Throughout my life and career, I’ve been tasked with completing projects with neither the knowledge nor the resources needed. Growing up without a lot of money, I became accustomed to learning how to do things on my own and always looking for practical, inexpensive solutions to everyday problems. If something at home broke, I’d ask my parents what to do and they’d help me figure out how to fix it.
Recently, our on-its-deathbed dryer finally stopped tumbling. It had been making sounds which we should have investigated, but alas, sometimes the saying “if it ain’t (completely) broke, don’t fix it.” We had been expecting to have to replace the dryer sooner than later and I had planned on finding a working, second-hand one at the local Habitat for Humanity store. We figured we could get one there for less than $50, which is less than what we’d pay to even have someone come take a look at our dryer. Granted, our dryer was nice, but not worth spending a couple hundred repairing.
Me, being stubborn as I am, decided to see if we could fix it ourselves. The thing was still heating and partly working, it just wouldn’t tumble. Maybe it was a broken belt. We figured the dryer was already broken, the worst we could do was break it a little more then give it away to someone who knew what they were doing.
I found dryer repair videos on YouTube so I learned a few tips on how to do repairs, and firstly, how to open the dang thing. Once I got the dryer open and we slowly took it apart, we discovered that dryers aren’t so complicated inside. We found the problems and less than $80 worth of parts later, our dryer is running in better shape than it has in years. And we feel confident to make repairs on it in the future.
Had we never made an attempt to fix it, we never would have know how capable we were at doing it on our own.
Self-reliance has been one of the most valuable skills I’ve learned and it is applicable to nearly every situation in life. When I did have to call a professional for help, as annoying as it may have been, I stayed in the room, watching what was being done and asking questions about the job. If I had to pay someone several hundred dollars to repair my furnace, plumbing or an appliance, I wanted to know what the problem was, what caused it and how it could be fixed.
The same thing goes for complications that arise at work. I’ve developed a mindset for requests of “tell me what you’d like to accomplish and I will find out if it’s possible.” So many people are quick to shoot down ideas, which can actually complicate them more because if you only do bits and pieces of a project, you’re extending the time and energy it takes had you evaluated the request as a whole.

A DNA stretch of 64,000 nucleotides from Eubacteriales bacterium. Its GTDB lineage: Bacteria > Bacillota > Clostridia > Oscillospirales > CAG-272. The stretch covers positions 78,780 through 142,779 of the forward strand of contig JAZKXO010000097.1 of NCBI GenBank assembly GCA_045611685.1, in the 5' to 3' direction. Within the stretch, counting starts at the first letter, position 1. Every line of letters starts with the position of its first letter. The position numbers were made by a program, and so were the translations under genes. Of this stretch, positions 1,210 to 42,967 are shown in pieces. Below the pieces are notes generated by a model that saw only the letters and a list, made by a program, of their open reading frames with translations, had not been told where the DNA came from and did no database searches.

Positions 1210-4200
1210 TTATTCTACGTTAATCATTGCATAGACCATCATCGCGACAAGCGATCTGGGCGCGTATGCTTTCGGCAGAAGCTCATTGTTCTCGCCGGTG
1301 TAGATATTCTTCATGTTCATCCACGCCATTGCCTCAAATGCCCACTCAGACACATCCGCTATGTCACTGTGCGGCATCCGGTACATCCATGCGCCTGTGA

For example, a coworker wanted me to put together an order form in Excel that would allow his customers to calculate full container loads of a variety of products that were not only different sizes, but different designs and categories. Originally, this had been done by a back and forth exchange in which the customer gave an overall request of what they wanted, my coworker would look up dimensions, minimum order quantities and product availability, consult with the customer about increasing or decreasing items to fit and so on. It was about a week-long process and very understandable why an automated order form would be highly desirable. These were huge, once a year orders.
I spent weeks working on the spreadsheet. There were so many factors to include, minimum order quantities, case packs, availability of design, products that could not fit on certain containers, etc; it was extremely complicated. I had to generate item numbers, existing as well as contingent on a customer selecting them. There also had to be a meter to show the container reaching full capacity and drop down lists that gave options off a previous selection.
I knew that once I completed this Excel order form, ordering was going to be so much easier. The customers could order exactly what they wanted and do so quickly. The salesman wouldn’t spend time trying to translate the customer’s order, the order processor wouldn’t spend time trying to determine item numbers or pricing—everything would be consistent and simple for everyone involved.
Every time I think I’m good at a software program, someone challenges me to stretch my abilities. It seems the more I learn about Excel, the more I realize I’ve barely broken ground. So I spent a lot of time Googling formulas and have pages of notes on how I performed my calculations. I used data validation, vlookup, hlookup, lists, if, named ranges and countless other formulas to finally compile a near perfect form for the salesman.
It worked pretty well the first year, but with a few bugs. It worked even better the second year and was near perfect. I was even able to start training others on how to make changes, what not to change and successfully passed along my work in progress to my predecessor. It was a success and because I put effort into making it happen, I saved weeks of work for the salesman, the order processor, supply chain, and most importantly, the customer.
The moral of my story is to never limit yourself because you think you might not be able to do something. If you don’t try, you won’t know. There’s a wealth of knowledge on the internet to explain how to do things, so take advantage of it! Always take precautions and stop if you find that you truly are unable. But if you don’t try, you’ll never know whether or not you can fix a dryer yourself.